A Buffalo Soldier’s Wartime Service In Italy

Roy Caldwood


Roy Caldwood was born in 1922 and grew up in Harlem, New York, with his two sisters. His parents were from the British Virgin Islands. His father drove trucks and was an elevator operator, and his mother was a housecleaner and operated a switchboard. As a boy, he enjoyed playing stick ball and basketball, but “you had to be careful for the police.” After Catholic high school he became a pre-med student in college. He remembers when Pearl Harbor was attacked, remarking, “We knew we would be in a war.” When he received his draft notice, he was not surprised, and he completed segregated basic training at Camp Upton in Yaphank, New York. He was drafted with three friends, “the 3 R’s”: Roy, Rodman, and Renald. Because he had been a pre-med student, he was selected as a Combat Medic and was trained at Camp Patrick Henry, which was later his point of embarkation for Europe. He volunteered to serve in the 92nd Infantry Division, an all-black Buffalo Soldier division (the 93rd was a Buffalo Soldier division that served in the Pacific). He felt that his training prepared him well for what he experienced in Italy. He deployed to Europe on a Liberty ship in late September 1944 and landed in Naples, moving north after his unit, 2nd Platoon, Reconnaissance Troop of the 92nd Cavalry, assembled. While in Italy, he picked up some Italian from three sisters, Anna, Maria, and Alberta. He describes some interesting occurrences in Italy, including bandaging an Italian man’s leg, escorting Italian women to the grocery store under German mortar fire through an area known as “Purple Heart Stretch” (where the Germans brought the mortars close, but did not hit them), and having nuns bring them to a building full of children that were able to finally go home because of the liberation the American forces brought. At one point, he was mortared and was knocked unconscious, receiving a shrapnel wound in his arm. He received a Bronze Star for his actions during that event. He recalls sharing a care package from his mother with two of the Italian women he was friends with, Anna and Alberta, and his Captain and Lieutenant. He remembers taking the surrender of groups of 30 to 40 German Soldiers who were all well dressed and equipped. He walked through the group of Germans, looking for the German who fired mortar rounds close to him when he was escorting Italian women through an extremely dangerous area. After locking eyes, Roy felt that he and the surrendered German shared a moment of understanding. In Italy, he felt colorless, where no one saw race. He was in Imperia, Italy, when the war ended. When he returned home, he married Muriel Isabelle in 1949 (they were married for 73 years), and later took a job with the New York Department of Corrections after working at the Post Office. In this interview, he talks about his childhood, his wartime experiences, and his post-war life. He recalls several exciting stories of his service in Italy with the 92nd Division, Buffalo Soldiers. He shares some of the awards he’s received and talks about his book, “Making the Right Moves.” He discusses the importance of physical fitness. Finally, he reflects on his service during World War II, noting, “I learned a lot, I learned what it felt like to be white,” because the Italians did not see them in terms of color.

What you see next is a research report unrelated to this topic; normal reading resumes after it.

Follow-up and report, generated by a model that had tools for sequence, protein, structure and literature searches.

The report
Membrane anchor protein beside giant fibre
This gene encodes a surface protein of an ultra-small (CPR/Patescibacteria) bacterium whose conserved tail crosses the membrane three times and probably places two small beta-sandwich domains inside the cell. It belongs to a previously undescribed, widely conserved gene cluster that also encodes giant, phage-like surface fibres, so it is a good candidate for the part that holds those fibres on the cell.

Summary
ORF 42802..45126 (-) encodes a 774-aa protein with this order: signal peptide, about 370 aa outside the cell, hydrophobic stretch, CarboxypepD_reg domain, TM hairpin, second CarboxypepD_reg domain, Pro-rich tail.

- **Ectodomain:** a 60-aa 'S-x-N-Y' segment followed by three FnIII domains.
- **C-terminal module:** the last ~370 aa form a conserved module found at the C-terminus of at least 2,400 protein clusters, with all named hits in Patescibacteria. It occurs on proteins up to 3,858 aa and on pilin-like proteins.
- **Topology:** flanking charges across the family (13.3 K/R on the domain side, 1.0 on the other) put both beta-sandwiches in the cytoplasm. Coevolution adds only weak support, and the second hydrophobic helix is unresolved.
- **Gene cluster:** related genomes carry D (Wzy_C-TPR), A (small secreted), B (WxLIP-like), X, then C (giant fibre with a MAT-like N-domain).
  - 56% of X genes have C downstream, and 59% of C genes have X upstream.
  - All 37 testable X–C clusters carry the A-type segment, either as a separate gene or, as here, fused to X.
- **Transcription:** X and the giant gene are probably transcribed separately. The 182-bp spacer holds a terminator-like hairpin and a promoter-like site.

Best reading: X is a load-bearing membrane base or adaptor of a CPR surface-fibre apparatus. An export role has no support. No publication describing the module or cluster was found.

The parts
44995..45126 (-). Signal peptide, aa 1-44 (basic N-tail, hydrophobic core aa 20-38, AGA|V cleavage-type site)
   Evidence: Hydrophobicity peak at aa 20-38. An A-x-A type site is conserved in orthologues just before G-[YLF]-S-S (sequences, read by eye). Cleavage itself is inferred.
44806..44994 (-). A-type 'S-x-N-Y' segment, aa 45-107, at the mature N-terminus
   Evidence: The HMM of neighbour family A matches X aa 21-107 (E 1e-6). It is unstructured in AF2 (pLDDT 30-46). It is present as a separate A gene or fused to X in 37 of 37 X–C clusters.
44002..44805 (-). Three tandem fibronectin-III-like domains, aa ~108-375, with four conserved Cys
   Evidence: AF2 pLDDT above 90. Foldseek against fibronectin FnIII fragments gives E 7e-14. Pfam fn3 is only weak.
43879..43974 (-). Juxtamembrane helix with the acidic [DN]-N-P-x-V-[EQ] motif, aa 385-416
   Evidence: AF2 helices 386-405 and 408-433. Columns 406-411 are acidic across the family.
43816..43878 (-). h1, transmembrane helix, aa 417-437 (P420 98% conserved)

conflicts World War II
topics African American Military Experience Injuries Civilians Race in the Military
interviewer David Siry
date 12 January 2024


name Roy Caldwood
service Combat Medic
unit 2nd Platoon, Reconnaissance Troop, 92nd Cavalry, 92nd Infantry Division
specialty Buffalo Soldier
service dates 1943 1945